1. Hoffman, Sandra MS, RN, CNS-BC

Article Content

Michelle L. Murray and Gayle M. Huelsmann. New York, NY: Springer Publishing Company, LLC, 2009. $65. ISBN 978-0-8261-1092-3. 250 pp.


Labor and Delivery Nursing: A Guide to Evidence-Based Practice is a good practical but basic guide and reference for new orientees to labor and delivery. As the title reflects, there is a focus on evidence-based practice, albeit with some inconsistencies, which could cause some confusion if these are not clarified with the new nurse.


The book begins with a discussion about communication, advocacy, and the chain of command and moves to patient assessment, phases and stages of labor, pain management, and a somewhat expanded version of the 4 "P's" (passage, powers, passageway, psyche). Overall, the chapters are well organized and cover the labor basics, citing standards and evidence. There are helpful illustrations, and it is formatted in a way that makes it easy to read. The reader will find some practical information not always covered in texts such as intimate piercings, dangers of rehydration or excessive intravenous fluid, extraovular intrauterine pressure catheter placement, and information about anaphylactic reaction to oxytocin. Documentation examples are also provided, which were somewhat helpful, but fairly simplistic, and often reflected information that is likely to be already documented on a flow record.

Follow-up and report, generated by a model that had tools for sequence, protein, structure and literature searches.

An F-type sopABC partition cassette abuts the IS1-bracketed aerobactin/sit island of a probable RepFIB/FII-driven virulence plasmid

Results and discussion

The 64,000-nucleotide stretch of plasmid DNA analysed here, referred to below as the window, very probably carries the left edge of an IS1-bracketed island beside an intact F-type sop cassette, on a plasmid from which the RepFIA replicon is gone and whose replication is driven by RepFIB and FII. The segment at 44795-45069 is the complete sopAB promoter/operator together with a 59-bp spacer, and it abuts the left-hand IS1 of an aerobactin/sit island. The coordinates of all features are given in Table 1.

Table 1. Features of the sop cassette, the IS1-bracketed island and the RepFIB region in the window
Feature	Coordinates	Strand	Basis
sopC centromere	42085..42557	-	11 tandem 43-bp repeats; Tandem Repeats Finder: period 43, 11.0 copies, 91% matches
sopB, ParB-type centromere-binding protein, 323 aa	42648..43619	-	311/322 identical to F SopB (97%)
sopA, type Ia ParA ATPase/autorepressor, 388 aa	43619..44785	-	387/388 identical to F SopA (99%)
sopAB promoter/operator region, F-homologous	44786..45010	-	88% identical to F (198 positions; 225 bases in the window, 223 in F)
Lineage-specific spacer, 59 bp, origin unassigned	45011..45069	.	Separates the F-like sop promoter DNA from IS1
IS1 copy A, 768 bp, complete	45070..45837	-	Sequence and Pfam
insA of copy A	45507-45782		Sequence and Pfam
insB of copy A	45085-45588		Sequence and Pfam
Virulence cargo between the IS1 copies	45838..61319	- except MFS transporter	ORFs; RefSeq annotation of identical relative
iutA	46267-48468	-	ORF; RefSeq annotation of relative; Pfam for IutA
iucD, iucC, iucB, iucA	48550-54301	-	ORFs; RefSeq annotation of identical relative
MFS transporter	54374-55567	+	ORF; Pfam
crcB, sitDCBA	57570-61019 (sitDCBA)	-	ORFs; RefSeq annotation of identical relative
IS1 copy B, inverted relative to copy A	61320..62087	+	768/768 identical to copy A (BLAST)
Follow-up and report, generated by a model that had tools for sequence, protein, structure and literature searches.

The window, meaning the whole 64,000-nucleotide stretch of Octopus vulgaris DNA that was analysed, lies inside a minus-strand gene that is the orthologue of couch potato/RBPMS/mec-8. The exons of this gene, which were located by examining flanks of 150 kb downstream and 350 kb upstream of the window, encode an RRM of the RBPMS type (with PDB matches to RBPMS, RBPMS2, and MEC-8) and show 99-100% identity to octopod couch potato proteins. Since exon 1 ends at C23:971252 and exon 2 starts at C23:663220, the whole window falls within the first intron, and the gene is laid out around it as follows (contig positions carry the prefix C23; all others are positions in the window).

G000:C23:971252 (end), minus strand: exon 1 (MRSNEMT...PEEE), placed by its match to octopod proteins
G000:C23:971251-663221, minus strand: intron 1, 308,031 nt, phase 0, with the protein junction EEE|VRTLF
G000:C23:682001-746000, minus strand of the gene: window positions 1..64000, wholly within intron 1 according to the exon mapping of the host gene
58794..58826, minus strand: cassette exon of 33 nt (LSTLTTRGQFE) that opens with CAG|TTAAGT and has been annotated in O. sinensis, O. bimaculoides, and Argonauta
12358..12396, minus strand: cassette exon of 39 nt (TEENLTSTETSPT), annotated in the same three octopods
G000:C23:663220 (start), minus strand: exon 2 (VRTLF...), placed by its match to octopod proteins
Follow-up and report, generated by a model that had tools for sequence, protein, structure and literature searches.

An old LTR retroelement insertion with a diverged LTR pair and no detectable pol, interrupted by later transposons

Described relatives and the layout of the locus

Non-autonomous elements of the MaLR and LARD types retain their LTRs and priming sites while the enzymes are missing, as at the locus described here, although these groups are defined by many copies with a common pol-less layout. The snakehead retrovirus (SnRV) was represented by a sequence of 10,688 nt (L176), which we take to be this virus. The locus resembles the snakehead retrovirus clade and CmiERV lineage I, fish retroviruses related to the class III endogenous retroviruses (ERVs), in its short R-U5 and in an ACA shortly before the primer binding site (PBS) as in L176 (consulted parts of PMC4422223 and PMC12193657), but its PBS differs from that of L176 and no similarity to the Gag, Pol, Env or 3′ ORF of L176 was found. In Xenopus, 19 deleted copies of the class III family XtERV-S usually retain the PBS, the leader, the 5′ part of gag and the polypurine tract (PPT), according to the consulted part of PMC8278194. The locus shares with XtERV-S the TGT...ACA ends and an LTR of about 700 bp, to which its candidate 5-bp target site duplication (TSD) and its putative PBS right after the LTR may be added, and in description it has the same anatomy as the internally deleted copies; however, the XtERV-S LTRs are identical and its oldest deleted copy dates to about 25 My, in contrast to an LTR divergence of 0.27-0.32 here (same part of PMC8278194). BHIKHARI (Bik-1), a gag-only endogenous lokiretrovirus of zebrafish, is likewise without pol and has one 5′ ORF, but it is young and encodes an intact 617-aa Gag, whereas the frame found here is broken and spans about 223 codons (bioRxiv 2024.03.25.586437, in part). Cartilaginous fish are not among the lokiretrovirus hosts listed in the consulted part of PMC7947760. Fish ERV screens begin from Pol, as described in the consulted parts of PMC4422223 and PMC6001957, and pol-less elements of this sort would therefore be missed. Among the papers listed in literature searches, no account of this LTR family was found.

The book minimally addresses important topics such as fetal monitoring, oxytocin, complications, emergencies, and care of the mother immediately following delivery. Some of the language used in the text, such as hyperstimulation and long- and short-term variability, and the definition provided for tachysystole are not consistent with the latest National Institute of Child Health and Human Development Workshop Report on Electronic Fetal Monitoring. Key information and references from the American College of Obstetrics and Gynecologists that obstetric nurses should know and that were available at the time this book was written were not included (ie, regarding HIV and herpes). This book is focused on fundamentals of labor and delivery practice. It should be helpful for nurses new to labor and delivery clinical practice and can be used in conjunction with more comprehensive texts.